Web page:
Amplification - Characteristics of outputs

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In our case, let's take an amplifier's output which supplies a signal with voltage V and power P.

As mentioned, amplifiers have an output impedance Zu. In this case what we're interested in is to guarantee maximum power transfer from the amplifier to the loudspeaker. In its pertaining section [Impedance of a loudspeaker ] we saw how typical impedance values of loudspeakers or diffusers are: 4 Ohm, 8 Ohm, 12 Ohm.

If the amplifier's output impedance is greater than the loudspeaker's impedance, the latter will demand more power from the amplifier than it can supply, causing an overload which leads to overheating of the equipment which in turn can lead to it getting damaged.

Example 14.1. Voltage and power transfer between two stages 

A numeric example should make the matter clearer. Let's consider an amplifier whose characteristics are:

Output impedance: Zout = 600 Ohm

Output power: 24 dBm [dBm ]

Firstly let's recalculate the output amplitude and power in Watt, starting from the nominal power value expressed in dBm. What we get (if you'd like to have a go yourselves) is that:

Amplification -

Amplification -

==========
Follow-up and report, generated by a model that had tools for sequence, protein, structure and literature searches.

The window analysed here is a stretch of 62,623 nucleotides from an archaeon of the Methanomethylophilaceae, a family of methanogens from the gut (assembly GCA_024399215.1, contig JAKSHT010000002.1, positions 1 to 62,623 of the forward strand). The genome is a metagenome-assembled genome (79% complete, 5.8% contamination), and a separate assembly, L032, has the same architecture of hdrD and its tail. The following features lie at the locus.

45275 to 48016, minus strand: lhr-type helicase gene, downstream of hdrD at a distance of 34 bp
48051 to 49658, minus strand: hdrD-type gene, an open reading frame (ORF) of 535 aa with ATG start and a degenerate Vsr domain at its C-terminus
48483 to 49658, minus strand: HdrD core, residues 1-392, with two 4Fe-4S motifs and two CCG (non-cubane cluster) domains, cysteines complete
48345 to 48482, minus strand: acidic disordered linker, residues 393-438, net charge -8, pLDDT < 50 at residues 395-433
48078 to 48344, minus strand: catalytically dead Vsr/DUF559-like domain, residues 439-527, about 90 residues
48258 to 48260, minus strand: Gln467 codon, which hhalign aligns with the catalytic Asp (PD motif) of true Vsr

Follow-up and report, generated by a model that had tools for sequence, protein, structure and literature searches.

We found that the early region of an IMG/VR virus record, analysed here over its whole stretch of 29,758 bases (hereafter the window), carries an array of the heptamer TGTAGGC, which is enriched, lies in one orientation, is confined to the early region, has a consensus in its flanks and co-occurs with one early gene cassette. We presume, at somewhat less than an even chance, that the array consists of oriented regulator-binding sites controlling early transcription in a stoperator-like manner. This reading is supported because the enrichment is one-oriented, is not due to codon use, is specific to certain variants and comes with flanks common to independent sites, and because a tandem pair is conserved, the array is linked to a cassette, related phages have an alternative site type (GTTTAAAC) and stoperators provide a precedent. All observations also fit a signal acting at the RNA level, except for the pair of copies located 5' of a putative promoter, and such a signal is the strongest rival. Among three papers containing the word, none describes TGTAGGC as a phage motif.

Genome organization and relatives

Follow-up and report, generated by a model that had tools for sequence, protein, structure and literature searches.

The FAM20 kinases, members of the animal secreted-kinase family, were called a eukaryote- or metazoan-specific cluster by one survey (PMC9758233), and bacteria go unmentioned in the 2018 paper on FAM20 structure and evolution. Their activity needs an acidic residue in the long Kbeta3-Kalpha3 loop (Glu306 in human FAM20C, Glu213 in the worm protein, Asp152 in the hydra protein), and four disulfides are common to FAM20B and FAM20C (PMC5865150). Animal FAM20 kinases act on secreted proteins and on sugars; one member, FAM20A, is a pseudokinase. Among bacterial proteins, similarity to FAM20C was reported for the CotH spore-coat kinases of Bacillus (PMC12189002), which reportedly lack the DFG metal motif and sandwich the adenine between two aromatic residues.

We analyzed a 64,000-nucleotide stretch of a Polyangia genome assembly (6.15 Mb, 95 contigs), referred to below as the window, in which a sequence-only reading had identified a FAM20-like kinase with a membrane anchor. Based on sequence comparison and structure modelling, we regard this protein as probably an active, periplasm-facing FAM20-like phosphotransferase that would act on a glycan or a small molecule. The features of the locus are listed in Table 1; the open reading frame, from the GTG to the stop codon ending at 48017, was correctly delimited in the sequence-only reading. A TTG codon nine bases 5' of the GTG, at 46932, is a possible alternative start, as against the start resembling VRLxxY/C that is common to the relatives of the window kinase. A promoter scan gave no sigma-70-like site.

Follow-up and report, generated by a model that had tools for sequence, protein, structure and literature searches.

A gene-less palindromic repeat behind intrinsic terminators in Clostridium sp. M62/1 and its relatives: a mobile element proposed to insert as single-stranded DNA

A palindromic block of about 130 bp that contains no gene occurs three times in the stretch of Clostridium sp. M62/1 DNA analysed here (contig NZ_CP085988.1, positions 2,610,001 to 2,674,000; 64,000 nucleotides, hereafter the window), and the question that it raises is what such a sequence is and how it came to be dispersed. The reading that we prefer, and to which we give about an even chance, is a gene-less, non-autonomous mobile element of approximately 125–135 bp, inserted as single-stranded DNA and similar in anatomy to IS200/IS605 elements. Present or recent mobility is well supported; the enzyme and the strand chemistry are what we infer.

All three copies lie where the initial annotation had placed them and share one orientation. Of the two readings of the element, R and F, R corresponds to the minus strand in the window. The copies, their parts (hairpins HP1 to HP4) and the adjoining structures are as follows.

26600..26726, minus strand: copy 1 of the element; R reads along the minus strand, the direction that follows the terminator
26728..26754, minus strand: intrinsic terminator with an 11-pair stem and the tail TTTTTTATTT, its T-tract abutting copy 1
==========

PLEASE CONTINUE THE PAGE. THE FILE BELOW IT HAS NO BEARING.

So, the amplifier is capable of supplying a maximum power value of 0.251 Watt.

Suppose now we apply an 8 Ohm load to a loudspeaker's output. The power transferred to the latter will be:

Amplification -

As we can see, for the loudspeaker to be piloted demands 19 Watt from the amplifier whereas the latter can only supply a maximum of 0.25 Watt. In this case the amplifier would overheat in trying to supply power that it simply doesn't have.

If we now try and apply a 6000 Ohm load to the amplifier we'd get the following transferred power value:

Amplification -

This time the amplifier can supply all the necessary power. It is important to bear in mind that this way the amplifier shall be underemployed, because it will never be asked to supply all the power it can potentially give. This is why power amplifiers have a low output impedance that are usually equal to the standard impedance values of loudspeakers (let's not forget that these values aren't constant but vary in response to frequency and therefore so do the power transfers).








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